Throughout the examples with reciprocated heels and toes inlaid elastomeric yarns are used in the fabric around the toe opening. This is the preferred construction, but obviously other elastic fabrics such as that of FIGURE 6 or FIGURE 7 may be used if desired.

We claim:

1. A foot covering garment including at least a knitted foot portion normally covering the tops and ends of the toes, a welt of doubled stretchable elastic fabric incorporating elastomeric yarn and defining an opening normally in that portion of said garment underlying the base of the toes, the elastic nature of said welt permitting stretching said opening from its normal position over the ends of the toes whereby the latter protrude through the opening.

2. The foot covering garment of claim 1 wherein an elastomeric yarn occurs in knitted stitches of the welt fabric.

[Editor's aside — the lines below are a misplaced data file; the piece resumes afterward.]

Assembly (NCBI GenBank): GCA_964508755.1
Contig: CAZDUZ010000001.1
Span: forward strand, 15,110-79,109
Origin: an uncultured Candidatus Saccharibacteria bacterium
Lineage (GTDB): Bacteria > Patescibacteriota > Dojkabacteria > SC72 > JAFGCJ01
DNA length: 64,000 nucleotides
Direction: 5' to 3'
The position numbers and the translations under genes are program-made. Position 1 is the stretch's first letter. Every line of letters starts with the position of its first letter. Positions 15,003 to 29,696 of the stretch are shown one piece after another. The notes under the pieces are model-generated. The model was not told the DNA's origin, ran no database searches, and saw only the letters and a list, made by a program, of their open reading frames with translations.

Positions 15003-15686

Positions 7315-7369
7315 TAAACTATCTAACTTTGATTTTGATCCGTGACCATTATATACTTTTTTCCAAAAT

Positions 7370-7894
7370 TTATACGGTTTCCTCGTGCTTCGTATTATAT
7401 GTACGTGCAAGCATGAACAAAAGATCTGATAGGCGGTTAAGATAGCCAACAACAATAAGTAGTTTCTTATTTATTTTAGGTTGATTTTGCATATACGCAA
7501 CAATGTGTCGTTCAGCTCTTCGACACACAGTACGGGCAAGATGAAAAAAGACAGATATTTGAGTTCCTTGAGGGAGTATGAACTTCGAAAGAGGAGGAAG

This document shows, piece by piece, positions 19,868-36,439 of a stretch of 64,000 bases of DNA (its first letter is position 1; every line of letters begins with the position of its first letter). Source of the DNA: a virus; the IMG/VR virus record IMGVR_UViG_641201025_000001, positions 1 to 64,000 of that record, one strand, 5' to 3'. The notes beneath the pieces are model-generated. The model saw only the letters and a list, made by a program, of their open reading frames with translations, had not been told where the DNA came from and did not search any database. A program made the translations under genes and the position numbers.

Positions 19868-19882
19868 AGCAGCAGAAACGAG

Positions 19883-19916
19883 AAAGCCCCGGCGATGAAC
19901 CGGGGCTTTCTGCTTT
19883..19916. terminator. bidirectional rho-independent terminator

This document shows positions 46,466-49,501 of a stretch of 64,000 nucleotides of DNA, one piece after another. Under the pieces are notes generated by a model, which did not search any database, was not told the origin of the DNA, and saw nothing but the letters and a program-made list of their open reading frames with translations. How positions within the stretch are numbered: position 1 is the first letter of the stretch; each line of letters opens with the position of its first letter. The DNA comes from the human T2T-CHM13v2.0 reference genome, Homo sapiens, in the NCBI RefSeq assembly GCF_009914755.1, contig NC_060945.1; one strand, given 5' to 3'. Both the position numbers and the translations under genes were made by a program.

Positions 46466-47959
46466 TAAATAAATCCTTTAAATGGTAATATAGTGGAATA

3. The foot covering garment of claim 1 wherein an elastomeric yarn is incorporated in the welt as a knitted yarn in a knit and float course of stitches.

4. The foot covering garment of claim 1 wherein an elastomeric yarn is incorporated in the welt as an inlay yarn in a knitted textile yarn course of jersey stitches.

5. The foot covering garment of claim 1 wherein the heel comprises a series of reversed partial courses.

6. The foot covering garment of claim 1 wherein the heel comprises a portion of tubular surface formed of spiral courses of stitches.

7. The foot covering garment of claim 1 wherein the garment is a stocking.

The foot covering garment of claim 1 wherein the garment is a stocking whose boot includes elastomeric yarn.

9. The foot covering garment of claim 1 wherein the shaped toe has cut edges joined by stitches.

10. The foot covering garment of claim 1 wherein the opening `comprises a slit between two abutting welts retained in position by side stitches.